Balloonfish

Balloonfish

Scientific Classification

Common Name
balloonfish
Kingdom
Animalia
Phylum
Chordata
Class
Osteichthyes
Order
Tetraodontiformes
Family
Diodontidae
Genus Species
Diodon holocanthus

Fast Facts

Description
Tan teardrop-shaped body with brown blotches and black spots over entire length. Long spines (typically seen lowered) are found over entire body surface, starting at the forehead. Eyes are large and pronounced with yellow irises. Iridescent blue-green specks may be seen within pupil. Brown band runs over forehead, from eye to eye. Fins are clear. Rounded caudal fin.
Size
20.3 to 35.6 cm (8 to 14 in.) avg; 50.8 cm (20 in.) max
Diet
Mollusks, crabs, and urchins
Incubation
Species exhibits dioecism. Fertilization is external. Spawning primarily occurs in late spring and early summer.
Range
Western Atlantic: Florida to Brazil
Eastern Atlantic: Morocco to Angola and South Africa
Western IndoPacific: Micronesia and Australia to Africa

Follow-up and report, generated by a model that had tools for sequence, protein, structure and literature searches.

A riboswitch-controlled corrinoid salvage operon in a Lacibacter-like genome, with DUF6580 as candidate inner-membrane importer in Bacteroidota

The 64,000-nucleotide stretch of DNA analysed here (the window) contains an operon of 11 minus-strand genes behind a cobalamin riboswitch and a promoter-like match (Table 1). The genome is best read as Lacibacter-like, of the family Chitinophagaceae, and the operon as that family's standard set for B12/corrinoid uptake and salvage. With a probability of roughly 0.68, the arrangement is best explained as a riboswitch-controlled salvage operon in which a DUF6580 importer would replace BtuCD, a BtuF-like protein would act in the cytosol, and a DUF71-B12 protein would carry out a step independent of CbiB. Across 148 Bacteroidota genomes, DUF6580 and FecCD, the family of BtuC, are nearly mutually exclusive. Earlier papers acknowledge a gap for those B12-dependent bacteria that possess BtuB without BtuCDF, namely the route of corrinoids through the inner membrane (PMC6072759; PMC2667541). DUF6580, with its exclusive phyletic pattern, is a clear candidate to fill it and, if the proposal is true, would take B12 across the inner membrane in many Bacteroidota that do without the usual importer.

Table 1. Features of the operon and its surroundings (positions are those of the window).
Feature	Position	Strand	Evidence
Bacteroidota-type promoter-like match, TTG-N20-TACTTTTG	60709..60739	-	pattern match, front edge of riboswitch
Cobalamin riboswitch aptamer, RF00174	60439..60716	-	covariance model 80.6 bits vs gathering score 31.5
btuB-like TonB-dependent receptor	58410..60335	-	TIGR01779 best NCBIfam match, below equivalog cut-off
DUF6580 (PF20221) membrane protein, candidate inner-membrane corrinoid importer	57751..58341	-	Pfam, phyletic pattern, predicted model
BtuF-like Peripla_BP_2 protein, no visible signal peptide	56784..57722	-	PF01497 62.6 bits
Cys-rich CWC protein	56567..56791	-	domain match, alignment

Western Central Pacific: Hawaii, Pitcairn, and Easter islands
Eastern Pacific: southern California to Colombia and the Galapagos
Habitat
2 to 100 meters (7 to 330 ft) in tropical & sub-tropical marine coastal waters
Population
Global: No data
Status 
IUCN: Not listed
CITES: Not listed
USFWS: Not listed

Fun Facts

  1. When threatened or frightened, the balloonfish will take in water – thereby noticeably expanding its overall body size. In this inflated state, its spines stand erect. The spines and the enlarged size can prove intimidating to potential predators. 
  2. Throughout certain Pacific island communities, the balloonfish was historically fashioned as a helmet.
  3. For more information about bony fishes, explore the Bony Fishes InfoBook. 

Ecology and Conservation

No data


Bibliography

Bond, Carl E. Biology of Fishes - Second Edition. Saunders College Publishing, 1996.

Humann, Paul. Reef Fish Identification - Florida, Caribbean, Bahamas. New World Publications, Inc., 1992.

fishbase.org

flmnh.ufl.edu/fish/Gallery/Descript/Porcupine/Porcupine.htm